A significant increase in the FSC Annual Administration Fee (AAF) will be spent on bolstering system integrity, virtual meeting facilities and new systems for collecting impact data, says FSC Director General Kim Carstensen.
The Forest Stewardship Council (FSC) is about to receive a substantial economic boost with the latest increase of its Annual Administration Fee (AAF) due to be introduced in 2022.
A sample test carried out by Preferred by Nature on 3072 FSC certificate holders shows that the AAF, charged as a percentage of the certificate holder’s revenue, may increase with up to 35 percent.
"This is slightly more than we are expecting. We don’t know the exact revenues of all certificate holders - we are setting a norm. According to our calculations, the increase will be around 20-25 percent,” said Kim Carstensen, General Director of FSC.
In 2020, the total AAF income of FSC increased from USD 32, 5 million to USD 36, 2 million. With a 35 percent increase from 2020, the popular ecolabel will have another 12,7 million USD to spend annually, according to Preferred by Nature’s calculations.
FSC recently launched a new global strategy for 2021 to 2026, which according to its foreword ‘reaches back into the roots of who FSC is as an organization.’
“To fulfil these ambitions, we will have to invest in new technology to facilitate a move away from a paper-based chain of custody system to a digital system. Here, data can be shared in real time - not several months or in some cases even years after things have happened,” said Kim Carstensen.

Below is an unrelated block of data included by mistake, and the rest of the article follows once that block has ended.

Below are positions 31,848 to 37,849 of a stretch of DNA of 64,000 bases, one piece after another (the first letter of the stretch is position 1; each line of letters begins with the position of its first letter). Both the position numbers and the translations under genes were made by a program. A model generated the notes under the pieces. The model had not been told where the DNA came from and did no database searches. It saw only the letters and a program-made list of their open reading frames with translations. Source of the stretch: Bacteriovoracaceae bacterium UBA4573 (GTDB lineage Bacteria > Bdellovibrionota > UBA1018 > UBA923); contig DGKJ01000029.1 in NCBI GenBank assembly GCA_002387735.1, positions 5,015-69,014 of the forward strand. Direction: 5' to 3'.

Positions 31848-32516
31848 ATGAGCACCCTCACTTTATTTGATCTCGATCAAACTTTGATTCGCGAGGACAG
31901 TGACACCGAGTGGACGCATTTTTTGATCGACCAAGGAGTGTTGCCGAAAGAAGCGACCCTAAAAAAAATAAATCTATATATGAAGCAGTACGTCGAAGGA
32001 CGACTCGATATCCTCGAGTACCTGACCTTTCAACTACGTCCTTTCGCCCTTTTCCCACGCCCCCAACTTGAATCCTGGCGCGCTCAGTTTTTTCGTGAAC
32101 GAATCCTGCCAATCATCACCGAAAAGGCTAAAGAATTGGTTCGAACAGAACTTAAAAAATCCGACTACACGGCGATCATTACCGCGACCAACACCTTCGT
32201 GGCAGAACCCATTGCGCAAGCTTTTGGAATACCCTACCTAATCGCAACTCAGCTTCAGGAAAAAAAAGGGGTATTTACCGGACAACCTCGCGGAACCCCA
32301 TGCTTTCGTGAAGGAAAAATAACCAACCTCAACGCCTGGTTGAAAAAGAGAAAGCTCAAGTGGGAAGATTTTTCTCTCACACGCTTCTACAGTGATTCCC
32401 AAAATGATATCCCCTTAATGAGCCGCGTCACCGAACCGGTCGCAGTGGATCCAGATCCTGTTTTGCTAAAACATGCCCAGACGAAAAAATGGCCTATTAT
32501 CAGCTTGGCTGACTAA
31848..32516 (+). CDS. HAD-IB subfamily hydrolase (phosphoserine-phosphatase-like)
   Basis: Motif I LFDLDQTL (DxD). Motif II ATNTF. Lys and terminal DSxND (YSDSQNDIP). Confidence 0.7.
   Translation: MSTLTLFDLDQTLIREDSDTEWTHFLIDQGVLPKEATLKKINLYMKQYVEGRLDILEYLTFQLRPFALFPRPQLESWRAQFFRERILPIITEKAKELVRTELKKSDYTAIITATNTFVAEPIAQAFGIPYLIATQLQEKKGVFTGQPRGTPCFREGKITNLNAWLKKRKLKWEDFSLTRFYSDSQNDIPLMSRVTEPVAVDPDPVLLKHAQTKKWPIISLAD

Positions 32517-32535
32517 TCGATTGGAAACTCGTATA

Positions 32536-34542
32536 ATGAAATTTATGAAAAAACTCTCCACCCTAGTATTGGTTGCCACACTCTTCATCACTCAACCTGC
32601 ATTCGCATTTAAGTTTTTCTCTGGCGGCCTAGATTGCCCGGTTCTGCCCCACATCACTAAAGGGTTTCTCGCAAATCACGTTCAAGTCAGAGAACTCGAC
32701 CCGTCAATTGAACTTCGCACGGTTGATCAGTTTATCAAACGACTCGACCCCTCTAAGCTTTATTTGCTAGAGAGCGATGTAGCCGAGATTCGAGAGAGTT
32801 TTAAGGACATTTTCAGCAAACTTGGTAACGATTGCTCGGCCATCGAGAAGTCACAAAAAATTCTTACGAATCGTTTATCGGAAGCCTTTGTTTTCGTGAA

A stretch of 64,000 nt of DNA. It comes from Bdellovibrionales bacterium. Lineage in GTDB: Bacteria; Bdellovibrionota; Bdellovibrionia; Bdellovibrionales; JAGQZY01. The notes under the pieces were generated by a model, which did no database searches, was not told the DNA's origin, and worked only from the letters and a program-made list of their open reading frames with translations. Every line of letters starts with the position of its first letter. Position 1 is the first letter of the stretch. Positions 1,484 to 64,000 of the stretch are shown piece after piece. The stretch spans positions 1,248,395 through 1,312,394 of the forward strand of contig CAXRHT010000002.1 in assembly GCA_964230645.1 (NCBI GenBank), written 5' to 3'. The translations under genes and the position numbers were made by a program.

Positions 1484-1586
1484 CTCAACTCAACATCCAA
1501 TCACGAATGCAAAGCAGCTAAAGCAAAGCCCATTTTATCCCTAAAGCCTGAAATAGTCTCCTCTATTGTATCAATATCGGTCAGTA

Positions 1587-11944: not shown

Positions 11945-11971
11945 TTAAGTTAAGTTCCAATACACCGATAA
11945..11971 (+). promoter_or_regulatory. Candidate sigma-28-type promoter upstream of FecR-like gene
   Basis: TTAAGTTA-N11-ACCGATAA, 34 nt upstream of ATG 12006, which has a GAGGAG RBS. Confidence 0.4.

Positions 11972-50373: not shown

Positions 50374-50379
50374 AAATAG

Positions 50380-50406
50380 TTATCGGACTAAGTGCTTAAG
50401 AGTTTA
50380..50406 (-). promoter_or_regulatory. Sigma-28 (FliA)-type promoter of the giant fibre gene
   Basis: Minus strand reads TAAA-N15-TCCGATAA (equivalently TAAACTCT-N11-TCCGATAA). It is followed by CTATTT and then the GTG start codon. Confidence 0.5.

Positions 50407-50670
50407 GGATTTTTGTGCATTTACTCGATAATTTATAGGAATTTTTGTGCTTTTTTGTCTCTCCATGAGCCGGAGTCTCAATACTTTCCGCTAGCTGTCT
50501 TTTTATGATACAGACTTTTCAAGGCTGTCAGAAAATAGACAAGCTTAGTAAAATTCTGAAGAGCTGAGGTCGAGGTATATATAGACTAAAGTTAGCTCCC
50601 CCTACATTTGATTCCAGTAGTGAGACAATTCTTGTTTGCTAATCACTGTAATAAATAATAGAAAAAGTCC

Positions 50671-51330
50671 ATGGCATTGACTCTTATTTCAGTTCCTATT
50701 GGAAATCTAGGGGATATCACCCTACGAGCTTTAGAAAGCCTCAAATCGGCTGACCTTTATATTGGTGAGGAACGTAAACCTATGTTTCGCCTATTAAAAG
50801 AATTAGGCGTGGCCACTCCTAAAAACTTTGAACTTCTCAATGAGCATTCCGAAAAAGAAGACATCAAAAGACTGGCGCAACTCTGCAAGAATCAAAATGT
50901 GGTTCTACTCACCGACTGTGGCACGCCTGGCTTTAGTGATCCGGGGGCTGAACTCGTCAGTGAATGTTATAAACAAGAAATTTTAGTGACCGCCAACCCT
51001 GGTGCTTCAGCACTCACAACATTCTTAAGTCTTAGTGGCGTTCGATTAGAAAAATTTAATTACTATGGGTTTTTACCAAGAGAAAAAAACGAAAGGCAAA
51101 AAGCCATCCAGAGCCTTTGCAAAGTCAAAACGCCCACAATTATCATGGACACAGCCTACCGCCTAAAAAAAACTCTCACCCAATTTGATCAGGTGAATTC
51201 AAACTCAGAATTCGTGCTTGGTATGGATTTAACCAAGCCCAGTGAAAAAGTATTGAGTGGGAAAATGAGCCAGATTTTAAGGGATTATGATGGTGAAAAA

According to FSC, the organisation’s income from the AAF has increased from USD 11,57 million to USD 36,24 million over the ten years period covering 2011 – 2020, translating into a Compound Annual Growth Rate (CAGR) of roughly 12%.
Within the same timeframe, the number of certificate holders grew from approximately 22.000 to 46.000.
Market value allows for increase
Several certificate holders Preferred by Nature has spoken to are expressing concern over the increase. Some of them say they will be paying up to three times more to FSC with the new fee.
Even so, FSC Director General notes that the new AAF system is designed not to push smaller businesses away from the popular sustainability standard. In fact, he says, FSC has aimed to level out existing differences:
“Many will not be paying more. On the forest management side, there will not be any increase at all. With the new AAF, the smallest certificate holders will be paying the smallest increase and the largest certificate holder will pay the largest increase. It is fairly inexpensive to be a multibillion-dollar business certified at the highest level. We don’t think it has to be that way,” said Kim Carstensen.
How did you decide on the size of the new fee?
“In 2014 the AAF was increased by 10-15 percent. At the time we realised the market value of FSC was sufficient to support an increase that size. Since then, various studies have shown that the market value has grown to a level, which I believe will support this new increase. As we need the money to carry out our global strategy, I also think it makes perfect sense,” said Kim Carstensen.